It is two years since hocus first asked a few simple questions that set off what is known as the Great Debate. His request was very simple. It should not have been controversial. He wanted to know Price-Adjusted Safe Withdrawal Rates.
From a technical standpoint, the Great Debate ended on June 24, 2003 when I submitted my post about Safe Withdrawal Rate versus P/E10 Data.
That post has a sticky in recognition that it represents a historical milestone. Subsequent discussions have cleaned up loose ends and advanced the research. But the matter was settled. Hocus's question had been answered. His key assertions had been validated.
There are many factors that affect the safety of withdrawals during retirement. Prices are different from most of the others since you have control of the prices that you are willing to pay for your investments. In retrospect, it seems ridiculously simple and obvious that Price-Adjusted Safe Withdrawal Rates should exist and it should be possible to estimate them using objective, mathematical techniques.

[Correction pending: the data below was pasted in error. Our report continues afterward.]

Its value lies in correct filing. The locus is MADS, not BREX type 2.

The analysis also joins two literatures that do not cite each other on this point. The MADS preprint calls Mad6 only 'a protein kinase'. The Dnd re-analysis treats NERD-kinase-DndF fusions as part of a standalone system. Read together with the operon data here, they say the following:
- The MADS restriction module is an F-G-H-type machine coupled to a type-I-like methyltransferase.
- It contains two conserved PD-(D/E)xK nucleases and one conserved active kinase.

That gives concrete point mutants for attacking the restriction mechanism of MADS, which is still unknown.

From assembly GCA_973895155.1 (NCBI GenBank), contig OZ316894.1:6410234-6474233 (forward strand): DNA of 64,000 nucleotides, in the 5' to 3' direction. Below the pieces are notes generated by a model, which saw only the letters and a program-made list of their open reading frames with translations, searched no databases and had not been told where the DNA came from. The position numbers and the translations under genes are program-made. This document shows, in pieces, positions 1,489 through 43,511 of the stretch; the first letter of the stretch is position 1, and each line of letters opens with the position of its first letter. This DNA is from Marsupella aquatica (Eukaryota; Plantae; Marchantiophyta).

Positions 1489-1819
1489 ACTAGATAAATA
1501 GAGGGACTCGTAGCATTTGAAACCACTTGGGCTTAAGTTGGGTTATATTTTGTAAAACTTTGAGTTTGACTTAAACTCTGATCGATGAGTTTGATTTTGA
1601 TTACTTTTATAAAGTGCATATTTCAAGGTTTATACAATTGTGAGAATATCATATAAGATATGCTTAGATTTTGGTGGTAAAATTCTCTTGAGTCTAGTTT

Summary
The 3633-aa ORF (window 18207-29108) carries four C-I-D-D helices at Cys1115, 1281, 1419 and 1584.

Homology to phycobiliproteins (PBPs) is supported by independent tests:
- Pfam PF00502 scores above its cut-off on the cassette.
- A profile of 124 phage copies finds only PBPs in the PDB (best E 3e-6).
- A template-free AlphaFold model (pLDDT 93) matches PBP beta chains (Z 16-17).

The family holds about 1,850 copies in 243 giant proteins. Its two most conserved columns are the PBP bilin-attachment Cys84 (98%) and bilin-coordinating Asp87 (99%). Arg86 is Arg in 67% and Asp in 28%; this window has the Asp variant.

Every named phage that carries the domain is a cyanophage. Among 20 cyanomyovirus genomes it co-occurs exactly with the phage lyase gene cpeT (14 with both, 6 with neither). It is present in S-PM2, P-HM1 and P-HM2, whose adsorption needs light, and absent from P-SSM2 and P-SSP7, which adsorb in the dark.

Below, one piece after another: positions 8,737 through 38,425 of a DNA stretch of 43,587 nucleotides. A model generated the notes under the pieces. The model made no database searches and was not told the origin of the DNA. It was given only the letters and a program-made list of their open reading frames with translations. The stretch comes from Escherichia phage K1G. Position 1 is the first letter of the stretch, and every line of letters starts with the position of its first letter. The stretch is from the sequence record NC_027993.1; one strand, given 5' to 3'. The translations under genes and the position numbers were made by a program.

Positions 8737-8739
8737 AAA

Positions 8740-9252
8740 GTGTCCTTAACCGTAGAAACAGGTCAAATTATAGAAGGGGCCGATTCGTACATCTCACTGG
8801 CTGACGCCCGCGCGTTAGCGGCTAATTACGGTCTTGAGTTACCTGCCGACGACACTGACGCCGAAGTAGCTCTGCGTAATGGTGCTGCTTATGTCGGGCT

We have cleaned up the method of presenting the concept of Safe Withdrawal Rates. This has included making some precise distinctions between what has happened (i.e., historical database rates and other historical survival rates) and what is likely to happen (i.e., safe withdrawal rates, unsafe withdrawal rates and zero balance rates). We have placed Safe Withdrawal Rates in a proper statistical setting. Previously, the term had been used in a manner that made it meaningless. That is, the reported Safe Withdrawal Rates were certain unless the future is worse than the past but the methodology (virtually) guaranteed that the future will always be worse than the past. We have also found and corrected calculator errors on our way to showing that we can take advantage of the Price-Adjusted Safe Withdrawal Rates.
Looking back, we have made a tremendous amount of progress. Most of it has been here, on the NoFeeBoards. There have been numerous contributors. Admittedly, there are those who continue to deny or trivialize our progress. I see that as being primarily an emotional issue. It is unreasonable to expect a lack of emotions. Life's hopes and dreams are deeply intertwined with retirement finances.
May 13, 2004
Research on Safe Withdrawal Rates
1 post • Page 1 of 1
1 post • Page 1 of 1